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Open peer review: A randomised controlled trial

  • Elizabeth Walsh (a1), Maeve Rooney (a2), Louis Appleby (a3) and Greg Wilkinson (a4)
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Background

Most scientific journals practise anonymous peer review. There is no evidence, however, that this is any better than an open system.

Aims

To evaluate the feasibility of an open peer review system.

Method

Reviewers for the British Journal of Psychiatry were asked whether they would agree to have their name revealed to the authors whose papers they review; 408 manuscripts assigned to reviewers who agreed were randomised to signed or unsigned groups. We measured review quality, tone, recommendation for publication and time taken to complete each review.

Results

A total of 245 reviewers (76%) agreed to sign. Signed reviews were of higher quality, were more courteous and took longer to complete than unsigned reviews. Reviewers who signed were more likely to recommend publication.

Conclusions

This study supports the feasibility of an open peer review system and identifies such a system's potential drawbacks.

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Copyright
Corresponding author
Dr Elizabeth Walsh, Department of Psychological Medicine, Institute of Psychiatry, De Crespigny Park, London SE5 8AF
Footnotes
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Declaration of interest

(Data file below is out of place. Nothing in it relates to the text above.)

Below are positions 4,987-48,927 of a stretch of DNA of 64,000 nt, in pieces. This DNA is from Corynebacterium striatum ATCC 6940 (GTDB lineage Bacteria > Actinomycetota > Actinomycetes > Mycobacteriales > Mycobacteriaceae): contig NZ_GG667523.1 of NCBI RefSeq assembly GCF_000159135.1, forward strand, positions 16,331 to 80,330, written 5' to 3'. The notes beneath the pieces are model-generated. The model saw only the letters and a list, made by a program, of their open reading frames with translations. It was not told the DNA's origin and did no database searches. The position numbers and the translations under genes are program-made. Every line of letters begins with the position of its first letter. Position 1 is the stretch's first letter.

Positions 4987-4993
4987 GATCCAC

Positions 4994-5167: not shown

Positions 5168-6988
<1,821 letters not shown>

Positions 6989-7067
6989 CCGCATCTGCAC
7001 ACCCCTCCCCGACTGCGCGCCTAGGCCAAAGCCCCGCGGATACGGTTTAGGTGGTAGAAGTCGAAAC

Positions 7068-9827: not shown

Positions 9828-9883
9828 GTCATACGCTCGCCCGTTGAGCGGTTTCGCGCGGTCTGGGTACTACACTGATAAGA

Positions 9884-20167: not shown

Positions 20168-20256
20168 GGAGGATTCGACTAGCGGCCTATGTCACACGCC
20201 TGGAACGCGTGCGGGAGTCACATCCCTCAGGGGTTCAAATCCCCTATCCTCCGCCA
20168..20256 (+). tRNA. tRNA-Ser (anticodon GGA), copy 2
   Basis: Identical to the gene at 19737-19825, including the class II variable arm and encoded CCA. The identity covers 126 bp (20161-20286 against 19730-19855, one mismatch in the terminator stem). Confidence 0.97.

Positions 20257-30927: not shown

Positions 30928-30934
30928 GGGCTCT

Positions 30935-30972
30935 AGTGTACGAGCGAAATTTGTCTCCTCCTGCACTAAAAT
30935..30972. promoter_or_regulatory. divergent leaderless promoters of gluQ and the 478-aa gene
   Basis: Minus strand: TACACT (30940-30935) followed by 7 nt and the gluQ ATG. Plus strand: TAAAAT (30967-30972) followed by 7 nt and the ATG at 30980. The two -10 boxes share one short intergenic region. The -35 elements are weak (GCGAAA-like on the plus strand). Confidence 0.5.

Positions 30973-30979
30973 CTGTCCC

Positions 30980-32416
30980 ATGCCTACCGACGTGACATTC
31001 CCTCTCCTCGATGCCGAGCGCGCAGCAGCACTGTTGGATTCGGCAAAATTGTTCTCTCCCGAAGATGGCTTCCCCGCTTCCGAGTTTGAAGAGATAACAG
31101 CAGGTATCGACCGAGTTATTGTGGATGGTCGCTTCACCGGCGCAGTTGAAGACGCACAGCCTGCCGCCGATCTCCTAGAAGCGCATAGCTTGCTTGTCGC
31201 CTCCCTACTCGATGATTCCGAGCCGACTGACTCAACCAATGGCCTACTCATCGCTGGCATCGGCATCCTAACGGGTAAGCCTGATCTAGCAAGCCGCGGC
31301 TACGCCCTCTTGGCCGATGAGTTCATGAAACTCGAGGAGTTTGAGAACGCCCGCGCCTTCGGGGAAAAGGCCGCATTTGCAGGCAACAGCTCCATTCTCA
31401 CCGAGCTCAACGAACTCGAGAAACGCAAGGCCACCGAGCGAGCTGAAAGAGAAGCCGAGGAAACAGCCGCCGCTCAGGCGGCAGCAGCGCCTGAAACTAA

GW is the Editor, L.A. an Assistant Editor and EW and M.R. Trainee Editors of the British Journal of Psychiatry.

Footnotes
References
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Black, N., van Rooyen, S., Godlee, F., et al (1996) What makes a good reviewer and a good review for a general medical journal. Journal of the American Medical Association, 280, 231233.
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Godlee, F., Gale, C. R. & Martyn, C. N. (1998) Effect on the quality of peer review of blinding reviewers and asking them to sign their reports. A randomised controlled trial. Journal of the American Medical Association, 280, 237240.
Hyams, K. C. (1996) Letter. Lancet 34, 132133.
McNutt, R. A., Evans, A. T., Fletcher, R. H., et al (1990) The effects of blinding on the quality of peer review: a randomised trial. Journal of the American Medical Association, 263, 13711376.
Smith, R. (1999) Opening up BMJ peer review. A beginning that should lead to complete transparency. British Medical Journal, 318, 45.
SPSS (1996) SPSS for Windows: Base System User's Guide. Release 7.5.1. Chicago, IL: SPSS Inc.
van Rooyen, S., Godlee, F., Evans, S., et al (1999) Effect of open peer review on quality of reviews and on reviewers' recommendations: a randomised trial. British Medical Journal, 318, 2327.
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The British Journal of Psychiatry
  • ISSN: 0007-1250
  • EISSN: 1472-1465
  • URL: /core/journals/the-british-journal-of-psychiatry
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Open peer review: A randomised controlled trial

  • Elizabeth Walsh (a1), Maeve Rooney (a2), Louis Appleby (a3) and Greg Wilkinson (a4)
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